# 7: Calculations

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Although most of the calculations that you will perform in lab were taught in general chemistry or in Chemistry 211, there are some that you may not have seen before. Examples of each are shown below. Several practice problems are provided at the bottom of the page.

## 1. Determining Molarity from wt %:

If you have a 33 % w/w solution of NaOH, what is the molarity of the solution?

A 33 % w/w solution of NaOH has 33 g of NaOH per 100 g of solution. This is a ratio of solute to solution and the g units cancel out. So,

$\frac{33\; g}{100\; g\; solution} = 0.33$

You can then use the density and the molecular weight to determine the molarity of the solution. If these are not provided for you, you need to look them up on Aldrich or Acros. In this case the density is 1.36 g / mL and the molecular weight of NaOH is 40.0 g. Since molarity is moles/L you will need to convert from mL to L.

$0.33 * [1.36\; g/mL] * [mol/ 40.0\; g] * [1000\; mL / L] = 11.22\; M$

Whenever you do a calculation you should check your work by:

1. making sure all of the units cancel and that you end up with the correct units
2. asking whether the final quantity makes sense. For instance if you determine a molarity of 300 M, you should check your calculations.

## 2. Determining the volume of a solution, when the molarity is different than that provided in the procedure:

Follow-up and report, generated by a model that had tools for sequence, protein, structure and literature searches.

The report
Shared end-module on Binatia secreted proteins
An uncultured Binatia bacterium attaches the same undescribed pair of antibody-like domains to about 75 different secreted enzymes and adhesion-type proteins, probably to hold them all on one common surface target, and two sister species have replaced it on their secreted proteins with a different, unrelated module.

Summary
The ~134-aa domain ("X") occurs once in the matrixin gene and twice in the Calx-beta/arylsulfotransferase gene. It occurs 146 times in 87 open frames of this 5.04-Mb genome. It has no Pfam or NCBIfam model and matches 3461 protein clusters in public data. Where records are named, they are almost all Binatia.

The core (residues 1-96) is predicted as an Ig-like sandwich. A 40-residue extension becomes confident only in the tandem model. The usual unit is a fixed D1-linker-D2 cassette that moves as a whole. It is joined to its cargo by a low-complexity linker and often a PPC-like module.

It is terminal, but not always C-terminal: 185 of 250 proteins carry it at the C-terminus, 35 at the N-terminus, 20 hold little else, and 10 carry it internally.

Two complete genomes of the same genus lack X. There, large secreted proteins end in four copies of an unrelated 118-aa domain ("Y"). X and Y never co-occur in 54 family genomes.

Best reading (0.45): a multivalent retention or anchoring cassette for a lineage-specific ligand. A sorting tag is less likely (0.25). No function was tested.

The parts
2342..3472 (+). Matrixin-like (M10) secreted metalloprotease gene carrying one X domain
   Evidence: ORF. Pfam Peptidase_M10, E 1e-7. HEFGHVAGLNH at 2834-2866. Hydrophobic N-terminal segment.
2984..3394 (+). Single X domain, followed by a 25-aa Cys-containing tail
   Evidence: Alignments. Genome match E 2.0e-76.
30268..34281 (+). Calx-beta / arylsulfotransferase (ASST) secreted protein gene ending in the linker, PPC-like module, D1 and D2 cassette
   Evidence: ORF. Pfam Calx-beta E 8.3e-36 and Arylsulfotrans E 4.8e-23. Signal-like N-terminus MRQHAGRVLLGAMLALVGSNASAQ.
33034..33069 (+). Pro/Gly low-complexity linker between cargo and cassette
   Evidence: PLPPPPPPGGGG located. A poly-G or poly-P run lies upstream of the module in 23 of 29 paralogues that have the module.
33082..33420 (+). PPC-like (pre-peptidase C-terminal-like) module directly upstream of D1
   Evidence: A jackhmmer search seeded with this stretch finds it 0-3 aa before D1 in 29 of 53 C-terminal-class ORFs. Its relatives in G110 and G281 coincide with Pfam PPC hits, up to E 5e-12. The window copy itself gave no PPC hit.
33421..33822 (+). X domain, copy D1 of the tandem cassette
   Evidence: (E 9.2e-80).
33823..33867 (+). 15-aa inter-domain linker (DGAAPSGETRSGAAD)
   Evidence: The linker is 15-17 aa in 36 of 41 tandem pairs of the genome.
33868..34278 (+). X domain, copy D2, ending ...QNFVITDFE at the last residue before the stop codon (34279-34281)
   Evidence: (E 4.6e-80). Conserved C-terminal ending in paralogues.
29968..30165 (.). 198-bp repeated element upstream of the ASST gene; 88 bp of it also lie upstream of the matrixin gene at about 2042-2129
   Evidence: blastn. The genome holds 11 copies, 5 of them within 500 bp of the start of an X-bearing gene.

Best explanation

In experiment 2, the procedure calls for 0.3 mL of a 6.0 M solution of NaOH. If you only had 33 % NaOH in the lab, you would first need to determine the molarity of the solution as described in A. You could then use the formula M1V1 = M2V2, to determine the volume needed. As follows:

$\begin{split} M1 &= 6.0\; M \\ V1 &= 0.3\; mL \\ M2 &= 11.22\; M \\ V2 &= \frac{(6.0\; M) * (0.3\; mL)}{11.22\; M} = 0.16\; mL \end{split}$

Since M2 is a greater concentration than M1, you should expect that V2 would be less than V1. Therefore V2 = 0.16 mL makes sense.

## 3. Determining and using molar equivalents:

A molar equivalent is the ratio of the moles of one compound to the moles of another. Once you determine the moles (or mmols) of each compound you can determine the molar equivilants. Usually you are relating the moles of the limiting reagent to the moles of other starting materials or reagents used in the reaction. For experiment 1, if you had 2.5 mmol of aniline and 5 mmol of acetic anhydride, you could do the following:

$\frac{5\; mmol}{2.5\; mmol} = 2\; \text{mol. equiv acetic acid}$

This just tells you that for every 1 mole of aniline in the reaction, you are using 2 moles of acetic anhydride.

If you know the molar equivalent you can determine the actual mole quantity used in the reaction. For instance if you have 2.5 mmol of aniline and the procedure says you will use 1.2 mol. equiv. of acetic anhydride, you could do the following:

$2.5\; \text{mmol aniline} * \left(\dfrac{1.2\; \text{mol acetic anhydride}}{1\; \text{mole aniline}}\right) = 3\; \text{mole acetic anhydride}$

Practice Calculations

7: Calculations is shared under a CC BY-SA license and was authored, remixed, and/or curated by Ginger Shultz.